|(3) A closed post-indicator valve will prevent the suppression system from working as designed.|
Environmental circumstances include the time of day, seasons, and the weather. Time of day influences many venues. The potential number of occupants, in many cases, depends on the time of day. The number of occupants in a church during a weekday late evening will likely not be the same as early morning to mid-afternoon on a Sunday. The occupant load of a nightclub at noon will significantly be different than at midnight.
Seasonal considerations include the time of year and holidays. The inventory of certain hazardous consumer commodities at a home improvement store is often reflective of the time of year. In early spring, inventories of “cides” (herbicides, pesticides and insecticides) are commonly stockpiled. Summer months may have higher inventories of pool chemicals. In mercantile establishments, inventories will be robust (increased fire load) in November and December for the holiday shopping season.
Acute and chronic weather are also components of this category. Except for certain locales, snow is an acute weather example that can reduce access paths and cover fire hydrants or water sources. Many snowfall events can be forecasted, but surprise snowfalls have occurred. Other acute weather variables include storms and flash flooding. Strong storms, tornadoes, torrential rains, and the like will significantly influence emergency operations. These events, depending on your locale, are of relatively short duration, but they are not low-impact events. A chronic environmental variable is drought conditions that reduce or eliminate usable static water sources.
Other short- and long-term variables include transportation, construction, and infrastructure projects. Such projects can inconvenience or preclude certain response routes and contribute to traffic congestion, further affecting response time (photo 4). The types and degree of variable examples include more than those mentioned in this article. Thorough study of the fire district will allow a fire department to better assess its variables.
|(4) A bridge closure necessitates a reevaluation of the response routes, which can take some time.|
The effectiveness of the fire department is often illustrated statistically by comparing property value saved to property loss. Those values often serve to justify support of fire department activities and finances. However, those statistics describe physical costs and not extenuating costs such as business interruption, postincident revenue loss, and impacts to facility personnel or residents.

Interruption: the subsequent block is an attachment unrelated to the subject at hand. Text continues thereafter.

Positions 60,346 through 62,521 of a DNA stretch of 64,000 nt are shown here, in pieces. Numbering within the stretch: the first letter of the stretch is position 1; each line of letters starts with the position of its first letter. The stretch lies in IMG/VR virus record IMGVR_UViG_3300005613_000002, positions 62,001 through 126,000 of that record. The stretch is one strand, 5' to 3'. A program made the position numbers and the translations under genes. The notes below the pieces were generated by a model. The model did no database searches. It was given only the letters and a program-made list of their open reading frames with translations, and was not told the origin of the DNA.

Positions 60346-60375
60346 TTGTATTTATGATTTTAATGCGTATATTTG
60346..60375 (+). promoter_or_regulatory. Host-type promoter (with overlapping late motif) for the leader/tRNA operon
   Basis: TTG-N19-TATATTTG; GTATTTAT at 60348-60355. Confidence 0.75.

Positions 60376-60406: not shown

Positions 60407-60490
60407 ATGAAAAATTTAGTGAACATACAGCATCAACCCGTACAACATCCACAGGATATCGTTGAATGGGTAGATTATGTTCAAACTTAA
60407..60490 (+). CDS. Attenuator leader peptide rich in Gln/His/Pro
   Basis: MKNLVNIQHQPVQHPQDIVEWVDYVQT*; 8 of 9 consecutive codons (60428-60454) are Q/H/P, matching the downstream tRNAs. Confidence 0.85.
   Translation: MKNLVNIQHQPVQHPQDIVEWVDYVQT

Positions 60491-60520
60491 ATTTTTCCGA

Value is a broad term. Sometimes fire department success is not based on monetary save or loss statistics but by what was saved or lost. Value can be measured monetarily by replacement cost or be subjective with regard to something that is relied on in an operation or a process. Value can be sentimental such as a picture that evokes a memory. Value can represent historical significance and an invaluable item or representation of a certain sect.
While preplanning and gathering intelligence about a facility, discuss the valuable parts of its operation with staff. Pose the question, “What is most valuable to the facility? Explain that the response must go beyond the context of replacement costs. Define value and follow up with the question, “What can the facility afford not to lose?” This information should be a critical consideration when faced with an extraordinary situation or one with limited resources.
You’ve likely heard the saying, “We won the battle but lost the war.” Applying this to the fire service, sometimes the best incident outcome is winning the battle. As an example, a fire department responds to a structure fire at a facility and finds the fire well advanced beyond the available resources. Perhaps the most effective use of resources is to protect only a certain portion of the building that houses operational records, not necessarily the high-cost equipment. If those data are lost, it would not be possible to resume operations postfire.